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Puig is lucky he doesn't have to face Bob Gibson

There has been a lot of criticism of the Cardinals over the last few years as "smug" or "entitled."

Some people are sick of their seemingly constant appearances in the post season and it's bred some resentment.

But, for all their criticisms, the Redbirds embody the idea of "acting like they've been there before." And they're behavior on the field stands in sharp contrast of the Dodgers.

Yasiel Puig's dramatic throw of his bat and thrusting his arms upward with fists clinched as he watched his blast off Adam Wainwright come nowhere close to clearing the right field wall would have earned him a fastball to the noggin in the 1960s or 70s. 

I would have loved to see him go down like a sack of laundry after Bob Gibson put one between his shoulder blades after such a stunt.

The faux pas did nothing for his humility because Puig continued the wild gestures and general hot dogging at third base where he arrived -- not because of his hustle or effort but because St. Louis rightfielder Carlos Beltran misplayed the bounce off the wall.

In a previous era of baseball the wrath of his own teammates for such a display would have been worse than what he could expect from the opposition. If Beltran played that ball cleanly off the wall and Puig was held to a single instead of making it to third, he could have cost his team a chance to score because of his selfishness. Did he realize how he risked hurting his team? Did he care?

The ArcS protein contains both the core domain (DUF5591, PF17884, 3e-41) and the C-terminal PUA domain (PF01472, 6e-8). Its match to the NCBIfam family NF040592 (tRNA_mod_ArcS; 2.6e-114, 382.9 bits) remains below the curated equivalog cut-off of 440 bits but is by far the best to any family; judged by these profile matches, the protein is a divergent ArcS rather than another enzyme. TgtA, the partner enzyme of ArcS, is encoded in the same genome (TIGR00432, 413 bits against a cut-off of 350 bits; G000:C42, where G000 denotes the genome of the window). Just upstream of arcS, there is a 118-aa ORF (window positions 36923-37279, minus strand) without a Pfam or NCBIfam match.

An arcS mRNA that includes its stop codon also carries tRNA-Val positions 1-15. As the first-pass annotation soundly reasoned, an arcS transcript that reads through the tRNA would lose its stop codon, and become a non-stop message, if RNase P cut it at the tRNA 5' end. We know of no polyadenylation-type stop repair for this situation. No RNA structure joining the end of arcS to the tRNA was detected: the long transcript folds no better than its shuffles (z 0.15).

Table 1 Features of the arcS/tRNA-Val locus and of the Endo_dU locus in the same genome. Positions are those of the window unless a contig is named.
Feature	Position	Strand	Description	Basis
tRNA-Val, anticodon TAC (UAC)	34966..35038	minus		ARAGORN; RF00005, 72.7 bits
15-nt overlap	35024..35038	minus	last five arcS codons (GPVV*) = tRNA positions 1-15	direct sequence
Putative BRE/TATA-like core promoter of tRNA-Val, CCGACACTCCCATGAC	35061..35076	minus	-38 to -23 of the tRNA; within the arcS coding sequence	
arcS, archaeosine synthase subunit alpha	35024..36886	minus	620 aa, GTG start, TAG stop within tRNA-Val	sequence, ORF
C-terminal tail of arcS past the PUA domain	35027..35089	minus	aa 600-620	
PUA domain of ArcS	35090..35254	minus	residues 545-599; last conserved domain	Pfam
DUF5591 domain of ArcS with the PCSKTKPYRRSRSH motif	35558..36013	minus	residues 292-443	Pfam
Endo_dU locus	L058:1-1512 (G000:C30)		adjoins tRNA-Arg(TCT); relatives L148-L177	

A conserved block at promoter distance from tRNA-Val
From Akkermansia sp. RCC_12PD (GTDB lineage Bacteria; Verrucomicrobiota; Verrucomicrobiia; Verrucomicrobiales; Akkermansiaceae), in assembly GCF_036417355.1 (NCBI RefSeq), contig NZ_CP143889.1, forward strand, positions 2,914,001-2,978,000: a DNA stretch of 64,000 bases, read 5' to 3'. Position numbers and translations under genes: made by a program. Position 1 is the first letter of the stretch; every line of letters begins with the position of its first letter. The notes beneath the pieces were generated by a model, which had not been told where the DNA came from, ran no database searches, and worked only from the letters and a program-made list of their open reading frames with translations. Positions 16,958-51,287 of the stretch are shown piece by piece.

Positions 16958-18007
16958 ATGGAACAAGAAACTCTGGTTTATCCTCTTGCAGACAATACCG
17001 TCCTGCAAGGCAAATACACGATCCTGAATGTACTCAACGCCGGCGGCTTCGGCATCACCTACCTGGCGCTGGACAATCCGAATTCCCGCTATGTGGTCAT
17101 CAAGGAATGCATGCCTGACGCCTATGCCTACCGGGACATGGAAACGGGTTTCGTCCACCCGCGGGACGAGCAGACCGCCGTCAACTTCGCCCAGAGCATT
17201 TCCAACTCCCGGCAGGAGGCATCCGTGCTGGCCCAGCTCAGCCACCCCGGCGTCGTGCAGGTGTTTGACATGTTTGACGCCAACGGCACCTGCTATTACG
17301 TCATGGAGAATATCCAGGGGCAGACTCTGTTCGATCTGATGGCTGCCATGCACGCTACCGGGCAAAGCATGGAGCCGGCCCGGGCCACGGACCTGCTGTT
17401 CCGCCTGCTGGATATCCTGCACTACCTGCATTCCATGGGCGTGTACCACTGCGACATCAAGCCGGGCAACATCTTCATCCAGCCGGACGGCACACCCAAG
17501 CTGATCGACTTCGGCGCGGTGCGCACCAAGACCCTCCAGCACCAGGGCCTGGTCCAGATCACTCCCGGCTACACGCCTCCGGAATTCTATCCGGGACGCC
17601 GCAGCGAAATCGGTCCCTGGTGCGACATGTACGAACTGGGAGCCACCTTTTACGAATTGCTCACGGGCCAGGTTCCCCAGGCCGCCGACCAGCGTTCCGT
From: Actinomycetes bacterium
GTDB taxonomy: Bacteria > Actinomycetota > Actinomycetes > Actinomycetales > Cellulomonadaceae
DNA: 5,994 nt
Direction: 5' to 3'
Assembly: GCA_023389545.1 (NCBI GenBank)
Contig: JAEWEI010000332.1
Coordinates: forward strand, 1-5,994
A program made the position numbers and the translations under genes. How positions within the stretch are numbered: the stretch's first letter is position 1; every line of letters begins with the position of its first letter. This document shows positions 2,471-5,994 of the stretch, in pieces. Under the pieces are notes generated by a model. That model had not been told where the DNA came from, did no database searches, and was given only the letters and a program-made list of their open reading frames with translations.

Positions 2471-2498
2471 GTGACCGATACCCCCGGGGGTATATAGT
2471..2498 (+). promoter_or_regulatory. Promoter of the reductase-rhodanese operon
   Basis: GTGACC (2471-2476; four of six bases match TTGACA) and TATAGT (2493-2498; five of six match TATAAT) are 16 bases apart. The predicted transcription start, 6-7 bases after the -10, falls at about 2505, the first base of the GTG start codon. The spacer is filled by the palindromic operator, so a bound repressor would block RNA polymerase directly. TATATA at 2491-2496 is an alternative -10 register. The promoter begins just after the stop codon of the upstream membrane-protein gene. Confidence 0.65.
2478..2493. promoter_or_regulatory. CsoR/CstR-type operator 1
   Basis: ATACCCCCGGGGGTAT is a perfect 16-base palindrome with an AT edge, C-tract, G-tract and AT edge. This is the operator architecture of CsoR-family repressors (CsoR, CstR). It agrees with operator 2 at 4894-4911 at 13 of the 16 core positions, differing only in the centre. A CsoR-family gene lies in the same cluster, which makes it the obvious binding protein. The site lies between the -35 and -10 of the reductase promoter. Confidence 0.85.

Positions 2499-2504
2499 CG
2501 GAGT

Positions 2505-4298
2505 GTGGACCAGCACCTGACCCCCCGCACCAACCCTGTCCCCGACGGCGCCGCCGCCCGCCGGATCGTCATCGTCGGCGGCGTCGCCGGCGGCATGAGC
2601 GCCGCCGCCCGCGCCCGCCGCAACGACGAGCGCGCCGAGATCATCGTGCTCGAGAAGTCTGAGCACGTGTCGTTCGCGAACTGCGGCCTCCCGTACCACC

But instead of the Dodgers veterans trying to tone down Puig, even Adrian Gonzalez, typically a pretty respectful and straight up guy, got into the clown show by making those stupid hand signs to his dugout after collecting a double. Please.

This isn't sour grapes. The Dodgers won the game Monday night fair and square. It's just a bemoaning of the NFL-ization of Major League Baseball.

Just like a NFL linebacker who gets up after making a tackle after an eight-yard gain and does a little dance or a rookie receiver who puts on his own personal Mardi Gras in the endzone after cutting his team's deficit to 42-7, it seems like about half of MLB players can't collect a seeing-eye single without showing up the pitcher with a choreographed sideshow.

I'm not opposed to a genuine display of emotion. If Puig's hit came in the bottom of the ninth and pushed the winning run across the plate, by all means, party like it's 1999. But in the middle of a game that is still up for grabs with your team behind 2-0 in the series, his routine was completely tasteless.

Poor sportsmanship is the cause of tension and ill will that leads to players getting hurt in retaliation.

Critics can say what they want about the Cardinals. But at least when they win they don't rub it in other team's faces. The Cardinals have lost with dignity. And they have won -- a lot -- and have fortunately taken the high road. I couldn't imagine Yadier Molina, Matt Holliday or Allen Craig standing at the plate to admire a home run or holding their arms out like the Brewers did to represent "beast mode" in 2011. And for that I am grateful.